New York Magazine (Vulture)'s Scores

For 1,874 reviews, this publication has graded:
  • 45% higher than the average critic
  • 2% same as the average critic
  • 53% lower than the average critic
On average, this publication grades 1 point higher than other critics. (0-100 point scale)
Average Movie review score: 63
Highest review score: 100 Happy Feet
Lowest review score: 0 Funny Games (2008)
Score distribution:
1,874 movie reviews
  1. What is the great Gene Hackman doing in the dingbat con-artist comedy Heartbreakers.
  2. Ridley Scott’s Robin Hood is a pompous, interminable hash.
  3. In The Best of Me, the melodrama feels so hurried and half-baked that the end result isn’t just disappointing. It’s borderline infuriating.
  4. John Herzfeld, the writer-director, attacks America's lust for voyeuristic sensationalism by aping the very tactics he decries.
  5. If Rock ever comes to his senses, he can host Saturday Night Live and skewer this damp, gag-riddled civics lesson of a movie.
  6. Appalling in ways that you could never have anticipated. The movie mixes mismatched-buddy high jinks with scenes of carnage.
  7. Before I go into the grinding awfulness of Dumb and Dumber To, let’s get one damn thing straight: The original Dumb and Dumber is a clasick.
  8. Writer-director Billy Morrissette doesn't have much feeling for satire -- or for Shakespeare. This is a comedy for people who couldn't make it through the CliffsNotes.
  9. It offers a deranged hodgepodge of tones and acting styles and strange mannerisms and affectations and narrative dead ends that feels like it was assembled by a committee of bipolar extraterrestrials.
  10. A wan little neo-noir whose intricacies inspire more tedium than suspense, The Bag Man is a good example of how to waste a solid cast.
  11. You really have to screw it up to dishonor the memory of a movie as shitty as the original "Friday the 13th." Heads should roll.
  12. Familiarity is not always a bad thing, though. "The Conjuring" breathed new life into old clichés; it showed that those creaking doors and possessed closets and white-robed figures still had the power to scare us. But that was a movie made with sensitivity and purpose. The blunt, lifeless Annabelle, on the other hand, sucks that life right back out.
  13. Began life as a standard sci-fi horror script before mutating into the unfunny mess it now is.
  14. Most movies take a while to slip you into a stupor. All the Pretty Horses makes you groggy right away. Set in 1949, it's a lackadaisical series of vignettes apparently culled from a much longer movie that never made it to the screen. Be thankful for that.
  15. Veering between tonal and narrative extremes, it's the kind of film that makes you long for the grim pomposity of something like "Signs."
  16. In a vile-movie competition between Michael Haneke’s "Funny Games" and Vadim Perelman’s The Life Before Her Eyes, Haneke’s film would win--but only because he’s working so much harder to be noxious.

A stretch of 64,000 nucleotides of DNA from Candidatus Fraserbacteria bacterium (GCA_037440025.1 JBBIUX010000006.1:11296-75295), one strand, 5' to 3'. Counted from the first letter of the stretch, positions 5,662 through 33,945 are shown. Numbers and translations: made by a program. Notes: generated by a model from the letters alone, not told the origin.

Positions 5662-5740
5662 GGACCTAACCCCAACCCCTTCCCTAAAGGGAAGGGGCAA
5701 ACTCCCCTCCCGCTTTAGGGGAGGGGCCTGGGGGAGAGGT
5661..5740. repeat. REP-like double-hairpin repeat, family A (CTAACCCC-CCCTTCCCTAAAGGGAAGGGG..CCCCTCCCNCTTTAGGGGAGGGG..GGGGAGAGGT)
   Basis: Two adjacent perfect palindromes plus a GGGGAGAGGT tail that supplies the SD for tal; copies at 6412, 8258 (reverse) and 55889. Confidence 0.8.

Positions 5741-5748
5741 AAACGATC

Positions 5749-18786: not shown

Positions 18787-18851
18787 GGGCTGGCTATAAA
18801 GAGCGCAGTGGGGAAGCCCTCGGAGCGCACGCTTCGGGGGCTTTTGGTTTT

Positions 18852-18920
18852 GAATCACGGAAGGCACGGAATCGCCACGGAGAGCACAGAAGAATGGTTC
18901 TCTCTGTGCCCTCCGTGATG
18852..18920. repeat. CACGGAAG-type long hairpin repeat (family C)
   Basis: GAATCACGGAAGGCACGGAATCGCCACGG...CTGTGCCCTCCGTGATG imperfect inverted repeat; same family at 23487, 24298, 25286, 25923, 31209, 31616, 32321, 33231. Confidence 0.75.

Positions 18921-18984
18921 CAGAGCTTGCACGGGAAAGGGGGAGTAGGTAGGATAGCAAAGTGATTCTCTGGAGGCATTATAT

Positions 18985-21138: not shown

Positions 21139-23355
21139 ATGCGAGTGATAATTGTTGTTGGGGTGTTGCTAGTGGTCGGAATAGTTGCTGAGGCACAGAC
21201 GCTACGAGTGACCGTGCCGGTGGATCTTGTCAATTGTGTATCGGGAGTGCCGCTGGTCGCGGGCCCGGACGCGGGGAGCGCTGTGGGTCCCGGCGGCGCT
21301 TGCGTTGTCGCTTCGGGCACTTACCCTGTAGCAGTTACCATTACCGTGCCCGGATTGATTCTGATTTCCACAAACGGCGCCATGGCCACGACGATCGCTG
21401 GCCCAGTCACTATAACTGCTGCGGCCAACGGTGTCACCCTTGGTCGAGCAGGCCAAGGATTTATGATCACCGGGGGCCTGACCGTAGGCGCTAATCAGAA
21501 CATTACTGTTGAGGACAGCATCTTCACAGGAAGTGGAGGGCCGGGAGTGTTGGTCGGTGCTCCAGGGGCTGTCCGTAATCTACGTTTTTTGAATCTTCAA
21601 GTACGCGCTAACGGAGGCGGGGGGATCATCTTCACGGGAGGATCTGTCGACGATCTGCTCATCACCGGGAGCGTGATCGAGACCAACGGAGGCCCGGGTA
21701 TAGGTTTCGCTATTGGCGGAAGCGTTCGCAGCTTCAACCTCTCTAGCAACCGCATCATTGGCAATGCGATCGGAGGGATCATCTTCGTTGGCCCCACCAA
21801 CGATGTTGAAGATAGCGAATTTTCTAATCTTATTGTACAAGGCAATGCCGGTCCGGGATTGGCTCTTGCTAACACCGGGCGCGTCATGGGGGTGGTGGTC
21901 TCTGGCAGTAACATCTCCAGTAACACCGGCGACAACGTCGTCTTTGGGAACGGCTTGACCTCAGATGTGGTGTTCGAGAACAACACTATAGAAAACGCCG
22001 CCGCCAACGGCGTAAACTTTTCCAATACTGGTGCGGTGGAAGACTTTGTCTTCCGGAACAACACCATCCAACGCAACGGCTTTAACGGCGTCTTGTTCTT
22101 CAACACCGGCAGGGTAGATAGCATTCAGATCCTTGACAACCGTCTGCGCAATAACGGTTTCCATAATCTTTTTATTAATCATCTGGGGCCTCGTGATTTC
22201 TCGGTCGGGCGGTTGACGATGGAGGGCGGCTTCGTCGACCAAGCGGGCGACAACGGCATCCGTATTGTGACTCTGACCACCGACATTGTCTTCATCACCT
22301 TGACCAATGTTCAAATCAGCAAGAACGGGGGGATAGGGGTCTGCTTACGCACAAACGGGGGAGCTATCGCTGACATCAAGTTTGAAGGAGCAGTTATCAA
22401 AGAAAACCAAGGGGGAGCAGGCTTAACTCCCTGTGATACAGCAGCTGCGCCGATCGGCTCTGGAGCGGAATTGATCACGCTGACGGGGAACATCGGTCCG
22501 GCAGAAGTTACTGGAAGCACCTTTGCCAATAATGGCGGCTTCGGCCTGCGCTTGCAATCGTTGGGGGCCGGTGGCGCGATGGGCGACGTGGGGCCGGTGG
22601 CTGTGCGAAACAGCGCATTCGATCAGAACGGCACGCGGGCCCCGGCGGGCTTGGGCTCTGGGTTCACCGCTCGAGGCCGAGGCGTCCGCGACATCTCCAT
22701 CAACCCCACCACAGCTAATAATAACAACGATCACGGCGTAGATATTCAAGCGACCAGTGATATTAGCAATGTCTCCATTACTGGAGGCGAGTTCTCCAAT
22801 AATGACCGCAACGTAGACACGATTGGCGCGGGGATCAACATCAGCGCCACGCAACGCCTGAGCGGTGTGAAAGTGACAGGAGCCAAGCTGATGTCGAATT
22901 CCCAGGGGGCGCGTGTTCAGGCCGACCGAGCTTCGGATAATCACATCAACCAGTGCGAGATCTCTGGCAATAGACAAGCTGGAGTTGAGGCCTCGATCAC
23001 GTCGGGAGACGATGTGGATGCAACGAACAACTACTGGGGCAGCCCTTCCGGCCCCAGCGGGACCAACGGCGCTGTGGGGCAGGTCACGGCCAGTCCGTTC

17. Dr. Seuss's The Lorax [sic] isn't Seussian in spirit. It's shrill and campy and stuffed with superfluous characters.
  18. He (Perry) has taken Shange's landmark poem cycle for seven African-American actresses, cut it up, and sewn its bloody entrails into a tawdry, masochistic soap opera that exponentially ups the "Precious" ante.
  19. Orgy, hell: The film is like a nightmare in which you're trapped in an arcade with screens on all sides and no eyelids. Based on an elemental but happily streamlined Japanese cartoon (an anime precursor), it's an eyesore, a shambles, with incoherent action and ear-buckling dialogue.
  20. Plays out like "Cool Hand Luke" meets "Attica," and it's quite the silliest thing.
  21. Hollywood movies are once again taking on the job that Andy Griffith–era TV sitcoms used to fill, touting homespun values in Never Land.
  22. Turgid, unfunny catastrophe.
  23. Don't go to this movie on a full stomach. Better yet, don't go.
  24. It’s actually worse than the 1981 Franco Zeffirelli–Brooke Shields version — which is worse than being waterboarded but at least bears some resemblance to the book and its brilliantly addled ‘70s vibe.
  25. Apollo 18, isn't egregiously inept. It just never lives. It's 80 minutes of dead air.
  26. Is it possible none of these actors read the script before they signed on? Were New Line executives perhaps too hung up on hobbits to notice how whacked out this movie is?
  27. The film is filled with actors you want to see -- just not in this thing.
  28. Here’s a good rule of thumb: Any movie featuring a quote in its ad from the poet laureate of Great Britain—“Deeply engaging!” -- is in trouble.
  29. Has a terrific premise that shatters almost upon arrival; no bad-boy legend trashing a hotel room could have done a more complete job.
  30. Again and again the killers linger sadistically over the dead or dying bodies of the people they've dispatched. Did Carnahan think these sickening scenes would give Smokin' Aces a moral complexity that's generally absent from this genre? I think they make the picture seem even more morally bankrupt.

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